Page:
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Published: 7 Sep 2021

A successful AusIndustry Global Innovation grant will aim to improve food safety in manufacturing, shipping, and storage while strengthening global ties with two major Spanish organisations.

Chief Investigator, Tom Ross, Professor in Food Microbiology at Tasmanian Institute of Agriculture, helped secure the AusIndustry Global Innovation grant for the “Development of complementary preservatives for Australian meat products” in collaboration with two Australian companies, Mantiss Pty Ltd and George Weston Foods and a Spanish company, Chemital. Spanish Government funding came via their Centre for the Development of Industrial Technology (CDTI).

“The project aims to assess the efficacy and reliability of products intended as additives to extend the shelf life and improve the safety of foods,” Professor Tom Ross said.

“Through cooperation between the industry, TIA and Chemital S.A.U. we plan to test and, as appropriate, modify a family of preservatives for Australian conditions to provide the local processed meat industry with substantial improvements in food safety and cold chain resilience, for both domestic and export purposes.”

“Processed meats (‘smallgoods’) generally have long shelf lives under refrigeration because they are made by traditional methods involving addition of salt, fermentation, or cooking and, in the modern world, using vacuum-packaging.

“Having newer preservation methods will open the door for developing newer, heathier, and more convenient products that, nonetheless, give the same enjoyment that are safe, and have the same, or greater shelf life. Longer shelf life also increases the opportunity to reach more distant export markets.”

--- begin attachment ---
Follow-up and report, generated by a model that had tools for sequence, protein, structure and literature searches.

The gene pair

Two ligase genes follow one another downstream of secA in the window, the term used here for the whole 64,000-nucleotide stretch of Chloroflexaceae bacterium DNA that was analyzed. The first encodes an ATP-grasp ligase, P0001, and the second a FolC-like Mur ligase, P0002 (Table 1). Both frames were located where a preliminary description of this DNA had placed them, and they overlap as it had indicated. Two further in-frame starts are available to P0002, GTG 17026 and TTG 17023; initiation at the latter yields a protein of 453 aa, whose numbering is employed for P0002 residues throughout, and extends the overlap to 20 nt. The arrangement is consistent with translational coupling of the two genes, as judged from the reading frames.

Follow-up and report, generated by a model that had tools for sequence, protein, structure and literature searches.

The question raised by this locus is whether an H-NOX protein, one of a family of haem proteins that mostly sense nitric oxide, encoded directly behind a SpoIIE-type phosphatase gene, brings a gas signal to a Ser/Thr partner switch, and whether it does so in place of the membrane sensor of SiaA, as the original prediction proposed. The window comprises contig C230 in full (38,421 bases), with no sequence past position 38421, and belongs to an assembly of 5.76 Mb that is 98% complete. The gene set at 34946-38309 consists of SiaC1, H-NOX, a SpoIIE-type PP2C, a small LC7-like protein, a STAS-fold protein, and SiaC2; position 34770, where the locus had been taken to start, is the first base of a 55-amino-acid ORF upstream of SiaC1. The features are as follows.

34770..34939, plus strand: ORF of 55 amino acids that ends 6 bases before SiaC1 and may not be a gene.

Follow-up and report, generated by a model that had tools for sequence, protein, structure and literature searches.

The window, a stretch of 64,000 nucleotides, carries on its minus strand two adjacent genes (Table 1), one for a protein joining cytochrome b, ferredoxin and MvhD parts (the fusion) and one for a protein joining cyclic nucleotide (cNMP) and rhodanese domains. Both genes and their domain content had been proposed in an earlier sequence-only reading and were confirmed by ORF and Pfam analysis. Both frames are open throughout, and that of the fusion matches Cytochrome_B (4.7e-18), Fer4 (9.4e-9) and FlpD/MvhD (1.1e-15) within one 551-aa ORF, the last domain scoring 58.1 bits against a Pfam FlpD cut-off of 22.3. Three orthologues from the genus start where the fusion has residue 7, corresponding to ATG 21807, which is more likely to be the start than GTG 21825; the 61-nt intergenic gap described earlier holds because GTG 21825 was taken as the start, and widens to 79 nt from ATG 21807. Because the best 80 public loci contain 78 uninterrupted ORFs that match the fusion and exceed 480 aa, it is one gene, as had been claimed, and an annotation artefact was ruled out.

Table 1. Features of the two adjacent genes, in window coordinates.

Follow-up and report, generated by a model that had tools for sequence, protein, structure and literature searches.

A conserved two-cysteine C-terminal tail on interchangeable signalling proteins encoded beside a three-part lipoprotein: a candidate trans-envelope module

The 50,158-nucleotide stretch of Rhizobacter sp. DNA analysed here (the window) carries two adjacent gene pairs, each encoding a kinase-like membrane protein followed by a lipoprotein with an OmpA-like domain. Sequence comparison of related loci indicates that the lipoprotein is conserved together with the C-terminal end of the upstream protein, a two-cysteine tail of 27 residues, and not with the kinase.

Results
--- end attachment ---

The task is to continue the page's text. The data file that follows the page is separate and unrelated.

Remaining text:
This aspect of the work will focus on Australian smallgoods and a parallel grant has been submitted in Spain, by the Spanish industry partner, Chemital, drawing on Spanish government funding from the CDTI.

The project will be led and co-funded by Mantiss, the Australian agent for the Chemital (Spain) products that will be assessed. The other Australian industry partner is George Weston Foods, Ltd.

“The aim is that the two projects will be genuinely collaborative and complementary,” Professor Michael Rose, Interim Director, Tasmanian Institute of Agriculture, said.

“Key to this is the University of Tasmania’s connection with AusIndustry which is supporting international connectivity. That international connectivity will provide benefits to the local food industry because it will support the development of innovative, premium foods, in Tasmania and Australia as well as increasing our capability in food safety and innovation.

“The project should lead to scientific literature publications, and it exemplifies the University’s strategy in its co-design with industry as well as on the impact anticipated in the industry sector.”

The total project value is $1,204,028, which includes $525,000 in funding from the Australian Government, and $250,000 from Chemital.

Australian Liberal Senator Eric Abetz officially announced the successful grant funding at TIA in Sandy Bay on Tuesday, September 7.

Image: Senator Eric Abetz, Professor Tom Ross, Dr Lyndal Mellefont and Professor Dugald Close, Associate Director Global.